|dc.description.abstract||This thesis addresses New Zealand’s unmet need for additional teacher professional learning opportunities in assessment. It reports on a yearlong, multi-case study involving the teachers at three New Zealand primary schools. This study investigated whether teachers, working within the National Standards context, could use their participation in social moderation to help the sector meet the need for professional learning in assessment. It asked: how and what do teachers learn about assessment through their involvement in social moderation? Drawing upon both social constructionism (Crotty, 1998) and Wenger’s (1998) social theory of learning, the study used observations, interviews, and a questionnaire to produce data about teachers’ experiences of social moderation. The analyses of these data, which utilised key elements of grounded theory (Charmaz, 2006), yielded important insights into how involvement in social moderation can strengthen teachers’ assessment capability. The study identified that teachers were able to use their participation in social moderation to improve their understandings of assessment for learning principles and practices. It also demonstrated that taking part in social moderation enabled the participating teachers to learn about factors that can affect the dependability of student assessment information. Moreover, it showed that teachers believed that involvement in social moderation had contributed positively to their assessment capability.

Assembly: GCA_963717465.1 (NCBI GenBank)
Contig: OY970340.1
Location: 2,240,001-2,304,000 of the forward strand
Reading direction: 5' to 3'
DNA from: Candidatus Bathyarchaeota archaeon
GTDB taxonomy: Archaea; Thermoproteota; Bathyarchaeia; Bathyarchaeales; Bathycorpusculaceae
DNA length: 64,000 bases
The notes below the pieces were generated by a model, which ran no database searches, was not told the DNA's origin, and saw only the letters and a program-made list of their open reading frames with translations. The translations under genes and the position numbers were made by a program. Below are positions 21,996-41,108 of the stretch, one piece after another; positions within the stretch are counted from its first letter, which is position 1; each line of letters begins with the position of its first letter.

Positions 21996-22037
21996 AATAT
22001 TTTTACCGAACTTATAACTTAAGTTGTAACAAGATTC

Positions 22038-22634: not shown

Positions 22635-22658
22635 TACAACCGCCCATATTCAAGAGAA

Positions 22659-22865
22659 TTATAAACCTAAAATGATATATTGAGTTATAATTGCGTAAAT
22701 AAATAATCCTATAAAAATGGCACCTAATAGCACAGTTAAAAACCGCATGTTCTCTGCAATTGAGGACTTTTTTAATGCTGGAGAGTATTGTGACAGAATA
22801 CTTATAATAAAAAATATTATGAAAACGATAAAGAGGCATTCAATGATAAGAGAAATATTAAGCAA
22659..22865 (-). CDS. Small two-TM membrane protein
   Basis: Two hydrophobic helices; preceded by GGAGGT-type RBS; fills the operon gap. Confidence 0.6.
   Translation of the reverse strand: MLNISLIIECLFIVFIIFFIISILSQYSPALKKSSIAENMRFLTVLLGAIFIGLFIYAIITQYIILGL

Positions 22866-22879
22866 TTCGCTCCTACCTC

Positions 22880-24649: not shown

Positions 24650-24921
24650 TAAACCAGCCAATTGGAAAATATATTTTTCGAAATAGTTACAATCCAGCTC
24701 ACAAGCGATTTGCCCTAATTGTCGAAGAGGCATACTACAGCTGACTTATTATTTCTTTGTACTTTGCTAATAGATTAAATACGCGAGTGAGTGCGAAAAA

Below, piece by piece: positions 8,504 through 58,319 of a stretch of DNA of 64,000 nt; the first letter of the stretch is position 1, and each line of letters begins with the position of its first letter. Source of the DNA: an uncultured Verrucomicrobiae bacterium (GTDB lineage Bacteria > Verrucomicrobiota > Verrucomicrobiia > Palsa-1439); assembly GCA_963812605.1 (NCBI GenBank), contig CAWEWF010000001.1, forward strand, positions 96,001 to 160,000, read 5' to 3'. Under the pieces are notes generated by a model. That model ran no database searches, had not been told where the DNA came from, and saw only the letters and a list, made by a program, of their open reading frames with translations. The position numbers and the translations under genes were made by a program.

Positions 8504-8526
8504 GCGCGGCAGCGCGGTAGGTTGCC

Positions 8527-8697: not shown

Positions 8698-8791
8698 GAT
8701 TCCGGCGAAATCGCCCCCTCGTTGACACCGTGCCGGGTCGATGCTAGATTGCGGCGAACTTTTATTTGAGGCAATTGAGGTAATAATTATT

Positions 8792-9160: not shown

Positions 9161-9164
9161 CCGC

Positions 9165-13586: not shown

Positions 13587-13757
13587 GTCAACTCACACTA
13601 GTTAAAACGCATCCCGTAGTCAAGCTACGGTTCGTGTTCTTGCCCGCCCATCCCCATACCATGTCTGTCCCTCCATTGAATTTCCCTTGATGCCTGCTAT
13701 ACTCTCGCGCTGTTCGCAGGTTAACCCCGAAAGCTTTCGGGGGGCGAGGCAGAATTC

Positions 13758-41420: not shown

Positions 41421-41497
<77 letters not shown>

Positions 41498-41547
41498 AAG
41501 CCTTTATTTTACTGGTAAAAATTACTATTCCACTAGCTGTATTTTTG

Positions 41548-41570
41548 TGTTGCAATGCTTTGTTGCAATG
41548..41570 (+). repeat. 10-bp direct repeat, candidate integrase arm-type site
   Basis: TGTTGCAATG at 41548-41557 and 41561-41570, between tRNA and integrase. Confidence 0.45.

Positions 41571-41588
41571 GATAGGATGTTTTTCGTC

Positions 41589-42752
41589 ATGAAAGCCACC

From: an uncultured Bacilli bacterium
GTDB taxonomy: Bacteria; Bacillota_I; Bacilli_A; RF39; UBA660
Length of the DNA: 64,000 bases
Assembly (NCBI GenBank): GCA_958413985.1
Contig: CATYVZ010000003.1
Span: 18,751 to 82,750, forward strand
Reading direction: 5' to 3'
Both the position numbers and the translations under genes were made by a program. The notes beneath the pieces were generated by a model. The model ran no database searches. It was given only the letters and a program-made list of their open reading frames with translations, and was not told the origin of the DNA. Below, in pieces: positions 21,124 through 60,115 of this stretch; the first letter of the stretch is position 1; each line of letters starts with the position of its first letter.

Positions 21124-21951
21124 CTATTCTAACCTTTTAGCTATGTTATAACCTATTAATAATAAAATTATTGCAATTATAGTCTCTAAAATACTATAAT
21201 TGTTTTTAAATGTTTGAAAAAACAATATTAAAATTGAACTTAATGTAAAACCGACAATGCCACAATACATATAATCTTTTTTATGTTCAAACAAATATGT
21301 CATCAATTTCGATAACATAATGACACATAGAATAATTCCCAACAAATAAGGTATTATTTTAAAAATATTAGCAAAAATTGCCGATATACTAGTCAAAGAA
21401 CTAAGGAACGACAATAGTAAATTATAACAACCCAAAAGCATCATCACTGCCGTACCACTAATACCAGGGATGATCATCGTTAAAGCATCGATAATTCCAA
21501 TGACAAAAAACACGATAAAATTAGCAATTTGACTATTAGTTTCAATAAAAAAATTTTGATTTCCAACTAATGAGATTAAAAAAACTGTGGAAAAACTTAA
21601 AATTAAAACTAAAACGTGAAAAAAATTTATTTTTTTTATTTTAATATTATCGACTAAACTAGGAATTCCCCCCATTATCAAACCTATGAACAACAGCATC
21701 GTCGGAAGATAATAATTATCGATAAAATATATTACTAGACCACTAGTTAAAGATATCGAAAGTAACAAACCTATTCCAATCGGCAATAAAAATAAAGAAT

This study also found that the teachers at the three participating schools garnered qualitatively different learning opportunities from their experiences of social moderation. These differences were linked to a series of school-specific conditions. These conditions included the amount of time that schools committed to moderation, the types of moderation activity that teachers engaged in, and the nature of the rationale that teachers developed to sustain their involvement in moderation. These school-specific factors shaped the extent to which participation in social moderation enabled teachers to take part in the formation of a school-wide, assessment-focused community of practice. The findings from this study indicate that using involvement in social moderation to develop such a community of practice increases the likelihood that all teachers are afforded opportunities to learn about assessment. The recommendations that arise from this study are intended to help schools strengthen their social moderation processes in ways that should enable teachers to harness additional, assessment-focused professional learning opportunities.||en_NZ